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Title: Identification of novel molecular targets for cutaneous squamous cell carcinoma
Author: Robinson, Kim
Awarding Body: University of Dundee
Current Institution: University of Dundee
Date of Award: 2014
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Cutaneous Squamous Cell Carcinoma (cSCC) is the most common human tumour with malignant potential which is responsible for over 1 in 4 skin cancer deaths in the UK. High risk groups exist such as, immunosuppressed patients and those with the genetic condition recessive dystrophic epidermolysis bullosa whom are burdened with increased cSCC incidence, metastasis and mortality. Current clinically available molecular targets for cSCC are limited. Moreover, the key molecular events in cSCC remain poorly defined, presumably including both loss/gain of DNA or through gene silencing by DNA modifications. Understanding the molecular events which lead to cSCC is paramount for developing successful, novel molecular targets for therapeutic purpose. Preceding this thesis, our group used two independent methods to identify potential molecular targets: microarray technology (Watt 2011) and Sanger sequencing (Wang 2011), of which some of the targets identified from these studies, formulate the basis of this thesis. Using microarray technology, a comparison between gene expression profiles of cultured cSCC and normal keratinocytes, identified a gene signature specific for cSCC. From this signature, five genes were identified as being over-expressed in cSCC compared to normal and whose gene expression was important for cell survival. Subsequently, three of these genes were further explored within this thesis: germ cell associated 2 (GSG2), bradykinin receptor B1 (BDKRB1) and protease serine 21 (PRSS21). To begin, genes were confirmed to be over-expressed at both mRNA and protein level. Following this conformation, several endpoints were monitored using standard assays of cell viability, proliferation and apoptosis, in cSCC keratinocytes using gene specific siRNA. Using this validation method, PRSS21 showed the most promise as a molecular target. Depletion of PRSS21 resulted in decreased cell viability through an increase in cytotoxicity and apoptosis. Therefore PRSS21 was further validated as a molecular target through stable overexpression in an immortalised normal human cell line with no endogenous PRSS21 expression. Subsequently, using 3D organotypic cultures, it was shown that the expression of PRSS21 clearly transformed these cells into an invasive phenotype, compared to the control. Finally, PRSS21 was shown to interact with the tumour suppressor maspin, potentially negatively regulating maspin dependant apoptosis. This data strongly suggests that both PRSS21 and maspin are potential targets in cSCC. The second method of identifying molecular targets was direct sequencing of tumour DNA, which identified loss of function notch mutations in ~75% of cSCC. It has been postulated that loss of notch function contributes to cSCC through a reduction in differentiation. Using three cSCC cell lines of known notch status (wild type/loss of function/notch null), cells were grown in organotypic culture, and the expression of markers associated with differentiation studied. With the aid of a gamma secretase inhibitor to inhibit notch signalling the contribution of notch to the expression of differentiation markers was studied in cSCC cells compared to normal human keratinocytes (NHK). There was a significant reduction in differentiation within the cSCC cell lines compared to NHK, regardless of notch status, and differentiation could be further reduced by the presence of GSI in the cSCC with wild type/loss of function notch expression. Furthermore, overexpression of a gamma secretase regulatable intracellular notch1 (ICN1) construct, showed an induction of involucrin in these cells, compared to cells overexpressing an empty vector control, confirming that notch1 contributes to differentiation. Overall this work highlights the importance of validating targets before embarking on expensive, time consuming experiments. In doing so, it reveals two potential molecular targets which could be important for the progression of cSCC, PRSS21 and maspin. Additionally it confirms the potential mechanism of notch loss of function in suppressing differentiation, suggesting that its re-activation would be is a valid approach to cSCC therapy.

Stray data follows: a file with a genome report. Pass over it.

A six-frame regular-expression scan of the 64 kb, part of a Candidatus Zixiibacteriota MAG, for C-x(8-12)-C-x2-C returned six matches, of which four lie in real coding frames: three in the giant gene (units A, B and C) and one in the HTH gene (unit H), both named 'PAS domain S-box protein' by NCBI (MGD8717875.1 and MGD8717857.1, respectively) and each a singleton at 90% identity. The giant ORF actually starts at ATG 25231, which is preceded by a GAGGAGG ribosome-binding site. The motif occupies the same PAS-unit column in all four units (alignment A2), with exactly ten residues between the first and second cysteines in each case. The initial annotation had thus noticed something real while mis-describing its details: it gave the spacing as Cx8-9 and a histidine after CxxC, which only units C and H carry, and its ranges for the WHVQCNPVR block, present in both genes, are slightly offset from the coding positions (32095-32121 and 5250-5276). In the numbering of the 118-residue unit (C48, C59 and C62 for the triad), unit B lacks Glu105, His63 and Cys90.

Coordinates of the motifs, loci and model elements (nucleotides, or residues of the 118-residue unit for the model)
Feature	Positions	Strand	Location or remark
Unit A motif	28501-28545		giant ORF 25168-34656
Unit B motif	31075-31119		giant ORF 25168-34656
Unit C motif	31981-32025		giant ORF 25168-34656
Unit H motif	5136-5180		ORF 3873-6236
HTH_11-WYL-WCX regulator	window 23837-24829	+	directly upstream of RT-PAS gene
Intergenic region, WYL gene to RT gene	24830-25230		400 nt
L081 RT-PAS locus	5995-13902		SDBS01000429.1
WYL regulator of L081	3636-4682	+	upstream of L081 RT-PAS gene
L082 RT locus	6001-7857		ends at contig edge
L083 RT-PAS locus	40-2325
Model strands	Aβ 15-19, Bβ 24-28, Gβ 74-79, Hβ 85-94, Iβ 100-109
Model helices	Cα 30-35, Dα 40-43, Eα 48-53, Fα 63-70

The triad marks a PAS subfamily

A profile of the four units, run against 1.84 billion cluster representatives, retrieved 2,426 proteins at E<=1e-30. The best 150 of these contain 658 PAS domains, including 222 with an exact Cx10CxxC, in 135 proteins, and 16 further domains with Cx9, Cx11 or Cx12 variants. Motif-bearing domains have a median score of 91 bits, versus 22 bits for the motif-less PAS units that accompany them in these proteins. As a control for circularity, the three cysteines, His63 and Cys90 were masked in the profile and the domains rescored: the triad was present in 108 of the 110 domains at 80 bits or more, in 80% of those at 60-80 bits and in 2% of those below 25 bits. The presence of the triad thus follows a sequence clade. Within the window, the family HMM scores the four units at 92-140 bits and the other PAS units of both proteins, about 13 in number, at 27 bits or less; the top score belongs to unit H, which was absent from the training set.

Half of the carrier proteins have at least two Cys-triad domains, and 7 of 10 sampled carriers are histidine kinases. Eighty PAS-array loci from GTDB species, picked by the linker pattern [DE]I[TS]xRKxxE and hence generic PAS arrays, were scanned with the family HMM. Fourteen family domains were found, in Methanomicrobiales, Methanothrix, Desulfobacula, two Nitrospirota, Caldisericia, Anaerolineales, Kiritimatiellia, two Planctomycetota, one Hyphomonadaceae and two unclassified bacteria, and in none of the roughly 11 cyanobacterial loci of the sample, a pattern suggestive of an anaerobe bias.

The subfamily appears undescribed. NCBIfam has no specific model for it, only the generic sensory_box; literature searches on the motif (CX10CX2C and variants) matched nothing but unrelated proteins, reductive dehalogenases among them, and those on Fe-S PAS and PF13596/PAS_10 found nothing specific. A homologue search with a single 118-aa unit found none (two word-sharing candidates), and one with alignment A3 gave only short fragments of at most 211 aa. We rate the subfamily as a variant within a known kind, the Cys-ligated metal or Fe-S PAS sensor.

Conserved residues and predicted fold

Supervisor: Not available Sponsor: Not available
Qualification Name: Thesis (Ph.D.) Qualification Level: Doctoral
EThOS ID:  DOI: Not available